Well, I thought I’d post my yogurt making experiences for all of you and inspire you to give it a whirl yourself! 🙂 It’s HUGELY economical if your family likes to eat yogurt, and personally I think that it tastes way better than even the good Greek yogurt I was buying at the store. Now for the price of less than 2 of those greek yogurts I can make a whole half gallon of yogurt!!!
Anyway, THIS is the site where I got the basic recipe. I tweaked it a bit in that I didn’t add the gelatin and I strained it, but I did want to make “flavored” yogurt because all of my experiences with plain have been awful. This yogurt turned out so smooth and a lot less tart, so I may try it plain next time just to see. I also watched the Good Eats, pt 1 and pt 2 on youtube. Got some great ideas that I incorporated with the recipe off of the other website.
Okay, so this is what I did. I poured 2 qts (half gallon) of milk into my crock pot. No I didn’t take pictures all along the way because I was in a hurry… sorry. Put the crock pot on low for 2.5 hours. I just set the oven timer so I wouldn’t have to think about it. When that beeped, I turned the heat off and let it sit covered for 3 hours. At that point I scooped out about a cup of the still warm milk and mixed it with my “starter” which was a cup of plain yogurt with LIVE and ACTIVE cultures in it. Whisked them together well then added them back into the milk and also whisked in 3/4 c. of honey (for sweetening!) and about a tablespoon of Vanilla. I’m thinking about using vanilla beans another time and letting them simmer with the milk, wow! That would be delish!
After stirring in that stuff I put the top back on the crock, wrapped it snuggly in a blanket and placed it in my oven. Oh, before that I had heated my oven to it’s lowest setting. I was just nervous that the temp wouldn’t be warm enough because the weather is pretty cold. So I let it heat for a few minutes then turned it off awhile before I set the crock in there. Then flick on the oven light and let the cultures do their magic!! 🙂 8 hours later I took it out of the oven and had a crock pot full of rich creamy yogurt! And of course I dug in with a spoon right away because I just had to know how it tasted! 🙂 It was about 10pm when it was done, and I decided that the next time I make it I’ll time it so that it’s incubating overnight. That’ll give it closer to 10 hours and help it thicken up more.
Since it was a slightly looser consistency than we generally like, greek yogurt eaters remember? I took Alten Brown’s advice from Good Eats and poured the yogurt into a strainer lined with…. a dish cloth. I didn’t have any cheese cloth, but this worked fine anyway. I’m going to look for LARGE coffee filters this weekend, because I knew they will work well, if not I’ll pick up some cheese cloth. I let it drain for a couple of hours in the fridge and ended up with about 2 cups of whey.
At the time I just tossed it because I didn’t know what to do with the whey. I did/do know that it’s packed with good stuff for you and a very high protein count, but wasn’t sure what exactly that meant for us. Since then though I’ve looked up what to do with it, and there are TONS of uses for the whey. You can make your own ricotta cheese! You can use it in smoothies and shakes for added nutritional value. You can use it as a milk substitute in cooking and baking, even bread! One thing I am going to use it for is to cook my oatmeal in for breakfast instead of water. It’ll add a lot more ‘staying’ power to the oatmeal and hopefully keep me from getting hungry before lunch. But I certainly won’t be tossing it again now that I know. 🙂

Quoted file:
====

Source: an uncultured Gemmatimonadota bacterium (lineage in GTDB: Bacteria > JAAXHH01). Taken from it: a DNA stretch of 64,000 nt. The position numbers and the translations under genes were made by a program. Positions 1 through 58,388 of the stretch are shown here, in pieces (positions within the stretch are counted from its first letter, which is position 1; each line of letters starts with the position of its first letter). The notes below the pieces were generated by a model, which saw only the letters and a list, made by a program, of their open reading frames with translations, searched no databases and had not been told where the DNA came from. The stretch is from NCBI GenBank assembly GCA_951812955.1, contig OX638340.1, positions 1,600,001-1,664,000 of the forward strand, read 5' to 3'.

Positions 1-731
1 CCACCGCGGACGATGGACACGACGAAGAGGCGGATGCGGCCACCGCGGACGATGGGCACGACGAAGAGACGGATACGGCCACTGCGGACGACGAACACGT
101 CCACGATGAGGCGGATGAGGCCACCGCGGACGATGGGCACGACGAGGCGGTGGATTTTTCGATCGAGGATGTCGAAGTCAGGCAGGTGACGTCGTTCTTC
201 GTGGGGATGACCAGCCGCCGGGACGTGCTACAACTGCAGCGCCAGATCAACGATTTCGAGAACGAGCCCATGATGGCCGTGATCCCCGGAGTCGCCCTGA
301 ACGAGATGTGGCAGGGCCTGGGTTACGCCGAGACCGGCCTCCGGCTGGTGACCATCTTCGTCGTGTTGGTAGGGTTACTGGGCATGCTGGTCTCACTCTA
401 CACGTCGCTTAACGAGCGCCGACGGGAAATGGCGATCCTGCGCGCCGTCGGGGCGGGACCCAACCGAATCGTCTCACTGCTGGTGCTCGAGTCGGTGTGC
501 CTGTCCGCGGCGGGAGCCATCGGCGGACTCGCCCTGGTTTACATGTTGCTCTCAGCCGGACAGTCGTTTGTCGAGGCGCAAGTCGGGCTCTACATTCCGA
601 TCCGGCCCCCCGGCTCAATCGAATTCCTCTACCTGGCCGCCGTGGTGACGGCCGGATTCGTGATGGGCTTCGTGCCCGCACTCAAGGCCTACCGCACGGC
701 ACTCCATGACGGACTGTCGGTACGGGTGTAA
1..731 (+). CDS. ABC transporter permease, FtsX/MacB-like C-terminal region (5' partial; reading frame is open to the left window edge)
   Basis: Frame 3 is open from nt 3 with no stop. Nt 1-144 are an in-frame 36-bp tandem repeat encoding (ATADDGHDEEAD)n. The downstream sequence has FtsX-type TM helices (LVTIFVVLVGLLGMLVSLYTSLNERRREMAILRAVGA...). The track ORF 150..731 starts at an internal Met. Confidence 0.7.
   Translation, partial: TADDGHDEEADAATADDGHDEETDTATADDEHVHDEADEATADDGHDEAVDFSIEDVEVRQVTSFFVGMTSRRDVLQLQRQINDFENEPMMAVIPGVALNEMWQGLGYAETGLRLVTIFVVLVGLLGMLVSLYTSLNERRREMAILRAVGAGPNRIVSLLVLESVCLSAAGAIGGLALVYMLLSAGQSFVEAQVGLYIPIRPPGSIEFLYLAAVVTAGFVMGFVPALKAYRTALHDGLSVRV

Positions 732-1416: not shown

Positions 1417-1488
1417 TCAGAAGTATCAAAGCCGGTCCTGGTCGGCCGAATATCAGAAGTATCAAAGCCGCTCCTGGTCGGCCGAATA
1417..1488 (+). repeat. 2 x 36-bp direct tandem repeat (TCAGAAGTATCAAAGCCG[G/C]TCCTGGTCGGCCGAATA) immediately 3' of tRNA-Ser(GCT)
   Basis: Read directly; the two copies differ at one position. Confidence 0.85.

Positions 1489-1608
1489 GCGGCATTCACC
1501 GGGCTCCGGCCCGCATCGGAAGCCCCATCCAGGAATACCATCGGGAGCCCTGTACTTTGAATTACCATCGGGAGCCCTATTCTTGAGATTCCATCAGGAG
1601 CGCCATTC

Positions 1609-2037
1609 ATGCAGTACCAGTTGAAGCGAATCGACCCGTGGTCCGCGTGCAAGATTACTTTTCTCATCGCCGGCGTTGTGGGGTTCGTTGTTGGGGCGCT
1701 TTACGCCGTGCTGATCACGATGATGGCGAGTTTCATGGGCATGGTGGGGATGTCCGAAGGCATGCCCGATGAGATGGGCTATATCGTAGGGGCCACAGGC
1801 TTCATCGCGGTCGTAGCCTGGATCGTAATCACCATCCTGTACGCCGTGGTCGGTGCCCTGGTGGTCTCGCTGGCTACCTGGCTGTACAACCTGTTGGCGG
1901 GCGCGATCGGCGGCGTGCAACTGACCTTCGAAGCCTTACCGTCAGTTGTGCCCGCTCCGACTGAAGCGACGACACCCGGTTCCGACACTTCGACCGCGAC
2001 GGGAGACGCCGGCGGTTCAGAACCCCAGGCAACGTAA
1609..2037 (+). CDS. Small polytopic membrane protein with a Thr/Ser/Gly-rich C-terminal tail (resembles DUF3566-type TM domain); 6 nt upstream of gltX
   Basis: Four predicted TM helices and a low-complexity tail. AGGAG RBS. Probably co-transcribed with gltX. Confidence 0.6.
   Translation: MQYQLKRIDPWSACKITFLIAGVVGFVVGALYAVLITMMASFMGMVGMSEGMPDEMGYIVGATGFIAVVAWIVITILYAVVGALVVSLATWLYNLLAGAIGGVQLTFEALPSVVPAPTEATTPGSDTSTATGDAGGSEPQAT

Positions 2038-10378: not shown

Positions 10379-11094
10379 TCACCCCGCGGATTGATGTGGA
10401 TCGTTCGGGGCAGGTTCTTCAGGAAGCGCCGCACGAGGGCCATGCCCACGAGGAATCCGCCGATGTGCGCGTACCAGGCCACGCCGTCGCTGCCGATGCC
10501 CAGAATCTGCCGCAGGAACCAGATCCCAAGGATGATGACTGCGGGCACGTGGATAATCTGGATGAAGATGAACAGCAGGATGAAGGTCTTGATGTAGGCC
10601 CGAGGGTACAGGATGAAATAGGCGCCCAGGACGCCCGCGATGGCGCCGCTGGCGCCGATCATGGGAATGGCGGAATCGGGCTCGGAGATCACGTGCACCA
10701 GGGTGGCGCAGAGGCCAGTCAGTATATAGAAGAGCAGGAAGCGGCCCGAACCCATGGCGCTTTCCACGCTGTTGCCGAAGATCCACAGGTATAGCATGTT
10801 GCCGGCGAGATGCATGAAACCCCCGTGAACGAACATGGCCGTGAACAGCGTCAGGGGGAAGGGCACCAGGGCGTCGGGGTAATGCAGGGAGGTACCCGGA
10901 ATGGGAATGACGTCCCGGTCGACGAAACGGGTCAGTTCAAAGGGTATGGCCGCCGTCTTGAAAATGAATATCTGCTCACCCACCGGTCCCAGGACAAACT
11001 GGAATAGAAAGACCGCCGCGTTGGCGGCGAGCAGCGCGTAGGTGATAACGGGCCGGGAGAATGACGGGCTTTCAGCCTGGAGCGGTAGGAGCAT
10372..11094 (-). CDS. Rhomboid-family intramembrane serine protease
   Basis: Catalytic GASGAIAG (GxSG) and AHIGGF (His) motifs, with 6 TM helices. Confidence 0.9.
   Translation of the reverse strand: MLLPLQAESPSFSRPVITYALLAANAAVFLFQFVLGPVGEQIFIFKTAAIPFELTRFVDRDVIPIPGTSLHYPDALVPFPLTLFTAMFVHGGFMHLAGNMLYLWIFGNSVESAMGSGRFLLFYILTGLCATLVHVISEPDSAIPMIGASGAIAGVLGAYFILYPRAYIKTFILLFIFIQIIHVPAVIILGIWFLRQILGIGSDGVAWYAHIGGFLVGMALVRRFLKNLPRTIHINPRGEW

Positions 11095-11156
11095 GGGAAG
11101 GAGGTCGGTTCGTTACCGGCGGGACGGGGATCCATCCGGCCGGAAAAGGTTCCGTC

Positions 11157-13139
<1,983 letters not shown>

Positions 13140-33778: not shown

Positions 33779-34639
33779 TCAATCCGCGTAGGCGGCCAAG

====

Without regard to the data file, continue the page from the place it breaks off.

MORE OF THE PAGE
Straining it does decrease the volume of your yogurt, of course, but we still ended up with a big container of it. Plenty for our family for a week, and I’ve been eating it for breakfast AND lunch it’s so good. 😉 Myles loves it as well, but Qade has declared that he “doesn’t like the special yogurt.” He’s going through a phase, and since it’s not dyed pink and neatly packed in a little plastic container it simply can’t be good yogurt. 😉 BUT I’ll get him eventually. I have ways of being persuasive. I think my next tactic will be to sprinkle some granola on Myles yogurt and see if Qade can stand to not have any. ha ha ha!! Oh well.
See how creamy it looks! I’m telling you, this is great stuff! Well worth the effort, which really isn’t much when you let the crock pot do the work, and I get giddy just thinking of all the savings!! I made this batch with whole milk, but next time I think I’ll use 2% just to cut down on the fat content. I need to be watching that right now. Ugh! But I know that it’s better for me to eat yogurt to get my “sweet” fix than something else so this is good!
So there you go! My yogurt making success story. I was so sure that it was way to simple to be true that there was no way it would actually work. Ha ha! Guess it’s my good old fashioned pessimism coming out. I’m happy to say though that I was so pleasantly surprised with this venture that I don’t think I’ll be buying any more processed yogurt! Well, except for a plain starter, which runs about $.60. 🙂
You should give it a try!
UPDATE: I no longer use honey and vanilla in the process of making the yogurt. I make it plain and then we add sweetening agents to it as we eat it. Like homemade strawberry jam, or honey or, my favorite, Real Maple Syrup! 🙂 Also, this gets SO easy as you do it. I like to start the crock pot at about 3pm so the whole processes is done by around 9pm and then I let it sit in the oven all night and take it out in the morning. Works fantastic! Plus at this point, I don’t even really “measure” the ingredients any more. I add what I think is about a 1/2 cup of powdered milk, and scoop in aprox a cup of yogurt starter. It honestly is not a finicky recipe and there’s not much you can do to mess it up!